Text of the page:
of colorful prayer flags fluttering in the wind, a dance of shadow and light against the majestic Himalayas. These speak of freedom and wishes for goodness and peace on the planet

In the high mountains, it is a simple way to gain merit by putting up prayer flags for the benefit of all beings. Prayer flags are ancient Buddhist prayers, mantras and symbols that have a powerful spiritual vibration carried by and into the wind.

Prayer flags date to ancient Tibet, China, Persia and India, and the texts and symbols are based in Buddhist philosophy. Pre-Buddhist shamanistic priests used colored flags in healing ceremonies, arranging them around the ill harmonising the elements for physical and mental health. Colored flags were used to appease gods and spirits of the mountains, valleys, lakes and streams, thought to cause natural disasters and disease.

Tibetan word for prayer flag is Dar Cho
“Dar” ~ increase life, fortune, health and wealth
“Cho” ~ all sentient beings

Traditionally in Tibet, prayer flags are in sets of five of five colors. The colors represent the five elements, and the Five Pure Lights and are arranged from left to right in specific order. Chinese medicine trusts health and harmony are produced through balancing these 5 elements.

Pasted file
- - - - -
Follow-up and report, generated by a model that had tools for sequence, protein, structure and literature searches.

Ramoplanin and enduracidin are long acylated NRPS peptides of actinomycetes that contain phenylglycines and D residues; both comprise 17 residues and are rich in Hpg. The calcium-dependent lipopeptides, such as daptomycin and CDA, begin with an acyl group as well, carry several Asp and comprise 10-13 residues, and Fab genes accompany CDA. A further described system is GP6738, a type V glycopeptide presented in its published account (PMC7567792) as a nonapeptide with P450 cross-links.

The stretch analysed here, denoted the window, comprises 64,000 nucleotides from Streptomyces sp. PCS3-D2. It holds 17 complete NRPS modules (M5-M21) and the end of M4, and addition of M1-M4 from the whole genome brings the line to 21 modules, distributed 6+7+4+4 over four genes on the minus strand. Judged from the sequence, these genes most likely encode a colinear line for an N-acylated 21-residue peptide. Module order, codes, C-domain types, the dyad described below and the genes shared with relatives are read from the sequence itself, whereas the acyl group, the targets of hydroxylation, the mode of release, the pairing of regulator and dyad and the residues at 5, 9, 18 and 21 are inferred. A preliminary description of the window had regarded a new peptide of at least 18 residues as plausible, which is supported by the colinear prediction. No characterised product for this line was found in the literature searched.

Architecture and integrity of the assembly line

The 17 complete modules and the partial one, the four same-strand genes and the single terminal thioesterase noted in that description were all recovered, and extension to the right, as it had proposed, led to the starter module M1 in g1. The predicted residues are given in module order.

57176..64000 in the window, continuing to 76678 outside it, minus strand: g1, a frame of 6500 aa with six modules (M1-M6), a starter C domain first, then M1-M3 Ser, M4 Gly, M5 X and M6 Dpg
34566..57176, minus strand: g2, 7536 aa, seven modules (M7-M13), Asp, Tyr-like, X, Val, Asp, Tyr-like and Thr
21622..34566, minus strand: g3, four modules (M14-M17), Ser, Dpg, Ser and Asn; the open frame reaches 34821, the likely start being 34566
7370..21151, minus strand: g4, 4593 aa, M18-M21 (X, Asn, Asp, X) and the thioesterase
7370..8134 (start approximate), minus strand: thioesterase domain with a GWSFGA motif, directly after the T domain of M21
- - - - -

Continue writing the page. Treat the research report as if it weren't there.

The order of color is always: yellow, green, red, white and blue. In vertical display yellow goes at the bottom and blue at the top. For horizontal display the order can go from right to left or left to right.

Nyingma (Ancient Ones) School:

Blue ~ sky/space
White ~ air/wind/cloud
Red ~ fire
Green ~ water
Yellow ~ earth

When raising prayer flags proper intention is important. If they are put up with “I will benefit from this” – which is an ego-centered motivation, benefits will be small. If the attitude is “May all beings everywhere receive benefit and find happiness,” the virtue generated by such motivation increases the power of prayers.

Tibetan tradition considers prayer flags to be holy, and they bear sacred texts and symbols that need to be treated respectfully. They should not be put on the ground or in the trash. When disposing of old prayer flags the traditional way is to burn them so the smoke carries their blessings to the heavens.

Prayer flags move with the wind, quietly harmonising the world, impartially increasing happiness and good fortune to all beings. These prayers are blessings borne on the breath of nature. All beings touched by the wind are uplifted and a little happier. As a drop of water returns to the ocean, prayers dissolve in wind to fill the spacious sky.

May the winds rise to carry happiness along…

“For as long as space endures, and for as long as living beings remain, until then may I too abide to dispel the misery of the world” – Shantideva prayer